TEST CATALOG ORDERING & RESULTS SPECIMEN HANDLING CUSTOMER SERVICE EDUCATION & INSIGHTS
Test Catalog

Test ID: MEX    
Mexiletine, Serum

Useful For Suggests clinical disorders or settings where the test may be helpful

Assessing achievement of optimal therapeutic concentrations

 

Assessing potential toxicity

Clinical Information Discusses physiology, pathophysiology, and general clinical aspects, as they relate to a laboratory test

Mexiletine is a class I B antiarrhythmic with electrophysiologic properties similar to lidocaine and is useful in suppression of ventricular arrhythmias.

 

The drug exhibits a high degree of oral bioavailability, is approximately 60% protein bound, and undergoes renal clearance at a rate of 10.3 mL/min/kg. Mexiletine has a volume of distribution of 9.5 L/kg at a half-life of 11 hours. Myocardial infarction and uremia reduce the rate of clearance and increase the half-life of mexiletine, requiring dosage adjustment guided by drug monitoring.

 

Mexiletine toxicity occurs at concentrations above 2.0 mcg/mL (trough value) and is characterized by symptoms of nausea, hypotension, sinus bradycardia, paresthesia, seizures, intermittent left bundle branch block, and temporary asystole.

Reference Values Describes reference intervals and additional information for interpretation of test results. May include intervals based on age and sex when appropriate. Intervals are Mayo-derived, unless otherwise designated. If an interpretive report is provided, the reference value field will state this.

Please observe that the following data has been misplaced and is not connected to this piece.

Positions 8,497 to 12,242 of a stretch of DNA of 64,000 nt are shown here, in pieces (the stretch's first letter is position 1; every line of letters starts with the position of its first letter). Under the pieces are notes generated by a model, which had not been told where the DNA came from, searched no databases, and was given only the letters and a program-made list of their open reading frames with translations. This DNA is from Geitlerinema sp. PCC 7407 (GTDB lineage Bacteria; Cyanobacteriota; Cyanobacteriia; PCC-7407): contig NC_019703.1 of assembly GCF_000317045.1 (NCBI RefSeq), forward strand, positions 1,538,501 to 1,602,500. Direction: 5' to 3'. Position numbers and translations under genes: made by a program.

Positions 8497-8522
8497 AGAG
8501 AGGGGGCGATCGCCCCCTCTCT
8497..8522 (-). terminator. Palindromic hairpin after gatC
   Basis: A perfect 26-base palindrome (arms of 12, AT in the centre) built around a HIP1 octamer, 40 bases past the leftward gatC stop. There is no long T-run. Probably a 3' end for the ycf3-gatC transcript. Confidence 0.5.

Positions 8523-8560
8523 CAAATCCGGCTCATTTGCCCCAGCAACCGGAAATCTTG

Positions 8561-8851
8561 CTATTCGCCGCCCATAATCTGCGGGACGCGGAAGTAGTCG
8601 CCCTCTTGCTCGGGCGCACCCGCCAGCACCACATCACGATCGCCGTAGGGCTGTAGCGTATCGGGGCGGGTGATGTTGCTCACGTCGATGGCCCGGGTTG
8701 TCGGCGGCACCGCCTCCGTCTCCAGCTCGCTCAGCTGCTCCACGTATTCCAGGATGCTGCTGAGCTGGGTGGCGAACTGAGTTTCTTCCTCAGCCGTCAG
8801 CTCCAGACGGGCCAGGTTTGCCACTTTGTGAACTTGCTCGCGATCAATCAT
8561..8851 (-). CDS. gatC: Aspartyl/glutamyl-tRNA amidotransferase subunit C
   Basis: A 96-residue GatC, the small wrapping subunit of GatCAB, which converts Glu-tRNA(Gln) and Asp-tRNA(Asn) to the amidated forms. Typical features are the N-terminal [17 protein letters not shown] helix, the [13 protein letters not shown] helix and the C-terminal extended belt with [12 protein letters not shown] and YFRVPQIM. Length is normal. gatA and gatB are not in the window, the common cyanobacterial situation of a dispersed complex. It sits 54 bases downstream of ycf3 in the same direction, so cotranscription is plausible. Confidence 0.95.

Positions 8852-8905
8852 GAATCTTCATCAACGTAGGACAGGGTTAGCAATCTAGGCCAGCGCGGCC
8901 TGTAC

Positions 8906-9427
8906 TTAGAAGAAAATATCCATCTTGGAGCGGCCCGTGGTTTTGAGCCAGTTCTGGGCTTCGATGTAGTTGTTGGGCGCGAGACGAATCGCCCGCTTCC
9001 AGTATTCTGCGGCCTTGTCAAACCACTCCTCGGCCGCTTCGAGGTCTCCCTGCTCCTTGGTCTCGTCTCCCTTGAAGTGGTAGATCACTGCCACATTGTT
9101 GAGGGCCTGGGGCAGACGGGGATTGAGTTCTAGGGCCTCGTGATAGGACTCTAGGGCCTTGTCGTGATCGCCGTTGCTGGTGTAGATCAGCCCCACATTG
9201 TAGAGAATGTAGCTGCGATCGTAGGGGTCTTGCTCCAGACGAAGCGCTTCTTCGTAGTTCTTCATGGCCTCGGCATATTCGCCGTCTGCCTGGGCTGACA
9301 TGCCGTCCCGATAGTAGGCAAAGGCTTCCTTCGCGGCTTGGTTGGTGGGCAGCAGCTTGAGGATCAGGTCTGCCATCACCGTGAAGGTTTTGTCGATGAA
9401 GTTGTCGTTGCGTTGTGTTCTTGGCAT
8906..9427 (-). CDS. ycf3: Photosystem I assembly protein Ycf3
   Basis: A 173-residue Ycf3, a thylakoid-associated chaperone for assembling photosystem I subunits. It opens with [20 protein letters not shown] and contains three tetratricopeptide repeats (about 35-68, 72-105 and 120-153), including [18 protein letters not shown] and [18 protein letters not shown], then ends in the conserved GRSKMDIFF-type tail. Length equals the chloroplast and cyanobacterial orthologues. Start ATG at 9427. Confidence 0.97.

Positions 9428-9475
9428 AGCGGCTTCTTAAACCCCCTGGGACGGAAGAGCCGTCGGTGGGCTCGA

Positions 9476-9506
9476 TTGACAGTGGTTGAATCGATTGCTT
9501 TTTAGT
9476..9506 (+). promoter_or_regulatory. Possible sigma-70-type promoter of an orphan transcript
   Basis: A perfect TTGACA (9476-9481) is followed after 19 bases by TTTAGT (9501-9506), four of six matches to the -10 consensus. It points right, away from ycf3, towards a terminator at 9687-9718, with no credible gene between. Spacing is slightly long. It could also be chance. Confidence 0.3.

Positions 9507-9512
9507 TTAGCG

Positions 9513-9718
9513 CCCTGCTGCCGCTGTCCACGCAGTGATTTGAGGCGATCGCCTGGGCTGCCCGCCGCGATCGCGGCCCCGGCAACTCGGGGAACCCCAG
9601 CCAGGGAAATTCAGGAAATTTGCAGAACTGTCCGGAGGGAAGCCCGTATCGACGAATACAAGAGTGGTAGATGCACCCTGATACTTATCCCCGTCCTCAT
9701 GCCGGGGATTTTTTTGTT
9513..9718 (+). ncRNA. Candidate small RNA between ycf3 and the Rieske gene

Trough Value

0.5-2.0 mcg/mL: Therapeutic concentration

>2.0 mcg/mL: Toxic concentration

Interpretation Provides information to assist in interpretation of the test results

Optimal response to mexiletine occurs when the serum concentration is within the range of 0.8 to 2.0 mcg/mL (trough value).

Cautions Discusses conditions that may cause diagnostic confusion, including improper specimen collection and handling, inappropriate test selection, and interfering substances

Specimens that are obtained from gel tubes or anticoagulate collections can cause assay interference.

Clinical Reference Recommendations for in-depth reading of a clinical nature

1. Nader R, Horwath AR, Wittwer CT: In Tietz Textbook of Clinical Chemistry and Molecular Diagnostics. Sixth edition. St. Louis: Elsevier 2018

2. Burtis CA, Ashwood ER, Bruns DE, et al: In Tietz Textbook of Clinical Chemistry and Molecular Diagnosis. Fifth edition. St Louis: Elsevier. USA 2012

3. Josephson ME, Buxton AE, Marchlinski FE: The tachyarrhythmias: tachycardias. In Harrison's Principles of Internal Medicine. 12th edition. Edited by JD Wilson, E Braunwald, KJ Isselbacher, et al: New York, McGraw-Hill Book Company, 1991, p 915

4. Valdes R Jr, Jortani SA, Gheorghiade M, et al: Standards of Laboratory Practice: Cardiac Drug Monitoring. Clin Chem 1998;44(5):1096-1099

5. Joseph SP, Holt DW: Electrophysiological properties of mexiletine assessed with respect to plasma concentrations. Eur J Cardiol 1980 Feb;11(2):115-121